Its going to kind of be triage here for a few weeks. I have about a week of epoxyable weather to fabricate the Lunar Lander parts. They all become so big so fast that they are all outdoors. I know I tell builders not to do that, but there it is.
st week of October I will be at IBEX catching up with builders and vendors. About mid month the curtain of cold rain hits and stays until April. So I will be mixing epoxy as much as I can until then. When the rains hit I can finish everbody’s design projects.
I found a couple of nice videos online of KHSD multis. Not the blow-you-mind kind like Simmo does, but nice.
First, the Adventure Cat on a foggy day on the Bay. http://www.youtube.com/watch?v=22Gr
and a 37′ tri crossing the Atlantic.
and Caimen over in UK, a tube and wire KHSD 26.
The second 65′ ferry bound for Lake Victoria is put into the container near Seattle. The hulls must be cut in half to fit into containers. I mistakenly thought that they had elected to bolt the facing bulkheads together instead of keeping the joins
in-plane of the hull as I advised. The bulkheads are only for alignment. Very pleased to hear that.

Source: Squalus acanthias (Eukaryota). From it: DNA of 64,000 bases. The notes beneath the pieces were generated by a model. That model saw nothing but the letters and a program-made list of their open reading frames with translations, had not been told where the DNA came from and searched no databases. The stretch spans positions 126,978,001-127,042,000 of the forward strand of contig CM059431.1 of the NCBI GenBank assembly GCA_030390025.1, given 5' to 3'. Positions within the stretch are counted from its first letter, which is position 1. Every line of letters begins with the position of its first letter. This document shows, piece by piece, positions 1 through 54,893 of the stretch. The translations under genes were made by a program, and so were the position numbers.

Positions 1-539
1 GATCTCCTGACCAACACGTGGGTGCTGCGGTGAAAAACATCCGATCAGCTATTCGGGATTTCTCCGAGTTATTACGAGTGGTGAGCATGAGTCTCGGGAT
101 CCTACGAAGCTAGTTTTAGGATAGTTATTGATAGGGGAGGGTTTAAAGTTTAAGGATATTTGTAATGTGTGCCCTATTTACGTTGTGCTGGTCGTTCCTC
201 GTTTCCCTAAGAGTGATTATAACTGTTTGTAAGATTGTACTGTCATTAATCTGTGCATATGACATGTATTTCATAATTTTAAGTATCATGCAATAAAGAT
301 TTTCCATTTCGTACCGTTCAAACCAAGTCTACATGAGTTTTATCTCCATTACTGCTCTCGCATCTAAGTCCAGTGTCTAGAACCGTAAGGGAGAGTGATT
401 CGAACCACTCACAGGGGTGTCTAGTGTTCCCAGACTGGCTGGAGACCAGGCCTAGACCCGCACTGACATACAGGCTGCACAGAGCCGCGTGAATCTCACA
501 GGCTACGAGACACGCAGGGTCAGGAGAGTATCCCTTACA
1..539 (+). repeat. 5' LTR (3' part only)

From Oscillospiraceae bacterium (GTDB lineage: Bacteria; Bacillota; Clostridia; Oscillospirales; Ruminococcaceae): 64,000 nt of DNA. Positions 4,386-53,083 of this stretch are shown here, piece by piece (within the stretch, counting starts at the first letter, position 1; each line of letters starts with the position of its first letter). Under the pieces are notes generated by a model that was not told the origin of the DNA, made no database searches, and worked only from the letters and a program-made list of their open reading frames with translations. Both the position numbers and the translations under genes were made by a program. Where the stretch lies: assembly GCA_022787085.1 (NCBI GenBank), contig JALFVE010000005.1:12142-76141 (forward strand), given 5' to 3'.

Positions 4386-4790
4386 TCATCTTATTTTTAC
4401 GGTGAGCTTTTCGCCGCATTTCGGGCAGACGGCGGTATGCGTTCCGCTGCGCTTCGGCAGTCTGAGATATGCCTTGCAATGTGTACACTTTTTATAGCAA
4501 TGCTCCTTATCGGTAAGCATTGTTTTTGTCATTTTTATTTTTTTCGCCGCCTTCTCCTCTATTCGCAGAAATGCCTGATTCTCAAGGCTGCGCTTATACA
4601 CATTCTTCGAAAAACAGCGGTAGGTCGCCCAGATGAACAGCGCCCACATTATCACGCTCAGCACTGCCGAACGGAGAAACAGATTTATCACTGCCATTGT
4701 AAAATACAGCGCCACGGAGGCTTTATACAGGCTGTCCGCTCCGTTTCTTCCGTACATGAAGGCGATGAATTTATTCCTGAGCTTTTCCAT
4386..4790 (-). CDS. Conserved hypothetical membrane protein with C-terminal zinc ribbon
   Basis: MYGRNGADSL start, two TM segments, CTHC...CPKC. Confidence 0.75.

Brought to my attention by Jack Molan.
New USCG design. If it only had two hulls…
I seem to have bad luck with sealing a vacuum bag with shipping tape. So, for my last bagging I used only Liquid Nails ($2 a tube). It was a small bag (32″ x 72″ part) so it only used one tube. The shipping tape costs more than that as I recall. My
plastic storm window splines all wore out and I have not gotten around to buying new ones. They are my favorites still. If I have them.
/>and we thought ducks had no more use in naval architecture! They can be used to help epoxy/plywood scarphs without bothering to set up a vacuum system. Explaining how ducks are used to design a hull to the kids is kind of like explaining a typewriter…